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Microsoft Editor in Edge Sending Personal Info to Microsoft Could Be Putting Users at Risk

Microsoft Editor in Edge and Enhanced Spellchecker in Chrome are sending personal information to Microsoft and Google respectively.


researchers have found editing suites/spellcheckers such as Editor in Edge and Enhanced Spellchecker in Chrome send potentially personal identifiable information (PII) about users to Microsoft and Google servers.

A team at the JavaScript security firm otto-js were testing script detection when they found the unusual activity. Furthermore, if users access the “Show Password” option when entering their password, this information is also sent to the companies.

It seems anything put into a form when the spellcheckers are active will be sent. However, the researchers say Google only receives the information temporarily:

“The text typed by the user may be sensitive personal information and Google does not attach it to any user identity and only processes it on the server temporarily. To further ensure , we will be working to exclude passwords proactively from spell check.”

It is worth noting that Enhanced Spellchecker in Chrome is off by default. Users must enable it if they want to use it. In , the Microsoft Editor suite is not available by default. Instead, users must install it to the browser.

In Chrome, Google tells users that “(t)ext that you type in the browser is sent to Google.” It is likely Microsoft has similar around the Editor. However, the security researchers warn this practice could open attack avenues for threat actors.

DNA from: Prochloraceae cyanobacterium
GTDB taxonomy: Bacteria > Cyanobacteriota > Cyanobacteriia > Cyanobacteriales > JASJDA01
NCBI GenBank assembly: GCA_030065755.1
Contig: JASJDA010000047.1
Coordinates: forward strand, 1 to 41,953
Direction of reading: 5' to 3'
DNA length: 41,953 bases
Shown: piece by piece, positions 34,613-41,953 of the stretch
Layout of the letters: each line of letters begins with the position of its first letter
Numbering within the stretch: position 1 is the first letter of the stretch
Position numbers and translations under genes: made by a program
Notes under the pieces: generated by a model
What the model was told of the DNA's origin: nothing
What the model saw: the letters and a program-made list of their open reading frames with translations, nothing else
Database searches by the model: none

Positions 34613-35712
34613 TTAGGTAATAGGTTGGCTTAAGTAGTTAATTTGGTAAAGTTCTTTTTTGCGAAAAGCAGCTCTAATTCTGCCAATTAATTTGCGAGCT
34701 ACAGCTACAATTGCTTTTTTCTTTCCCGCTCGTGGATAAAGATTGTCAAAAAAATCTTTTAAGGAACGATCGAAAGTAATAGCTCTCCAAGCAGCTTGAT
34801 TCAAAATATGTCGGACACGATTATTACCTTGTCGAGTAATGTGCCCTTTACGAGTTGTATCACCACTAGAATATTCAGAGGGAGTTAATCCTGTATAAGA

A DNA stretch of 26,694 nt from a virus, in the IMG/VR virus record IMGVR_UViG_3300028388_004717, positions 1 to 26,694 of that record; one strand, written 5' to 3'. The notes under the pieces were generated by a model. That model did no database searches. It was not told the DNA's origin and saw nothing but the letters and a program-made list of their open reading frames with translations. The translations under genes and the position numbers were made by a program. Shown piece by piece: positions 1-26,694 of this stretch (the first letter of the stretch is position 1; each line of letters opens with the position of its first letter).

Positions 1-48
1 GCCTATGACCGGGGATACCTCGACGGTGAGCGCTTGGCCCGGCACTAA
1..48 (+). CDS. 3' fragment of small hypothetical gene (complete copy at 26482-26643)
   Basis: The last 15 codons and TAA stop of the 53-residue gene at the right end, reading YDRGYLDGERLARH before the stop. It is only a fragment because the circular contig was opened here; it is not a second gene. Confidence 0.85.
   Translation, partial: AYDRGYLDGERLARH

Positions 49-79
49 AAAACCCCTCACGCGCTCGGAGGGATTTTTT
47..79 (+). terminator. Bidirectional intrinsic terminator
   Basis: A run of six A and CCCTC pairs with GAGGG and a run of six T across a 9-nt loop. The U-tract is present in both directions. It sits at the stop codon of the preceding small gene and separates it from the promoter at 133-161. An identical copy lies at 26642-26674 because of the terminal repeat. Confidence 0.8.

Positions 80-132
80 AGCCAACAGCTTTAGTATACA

It is worth checking out the full research on the otto-js blog.

Microsoft Editor

If you're unfamiliar with Editor, it made its debut with the launch of Microsoft 365 Personal and Family early in 2020. Launched on Microsoft Word, the feature later become available on other Microsoft Office apps and web browsers.

The Editor feature is available for free. However, advanced grammar suggestions, writing refinement tips, and spell checking are limited to subscribers.

Tip of the day: With many reachable wireless access points popping up and disappearing again, the available networks list can become quite annoying. If needed you can use the allowed and blocked filter list of Windows to block certain WiFi networks or all unknown WiFi networks.

Luke Jones
Luke Jones
Luke has been writing about all things tech for more than five years. He is following Microsoft closely to bring you the latest news about Windows, Office, Azure, Skype, HoloLens and all the rest of their products.

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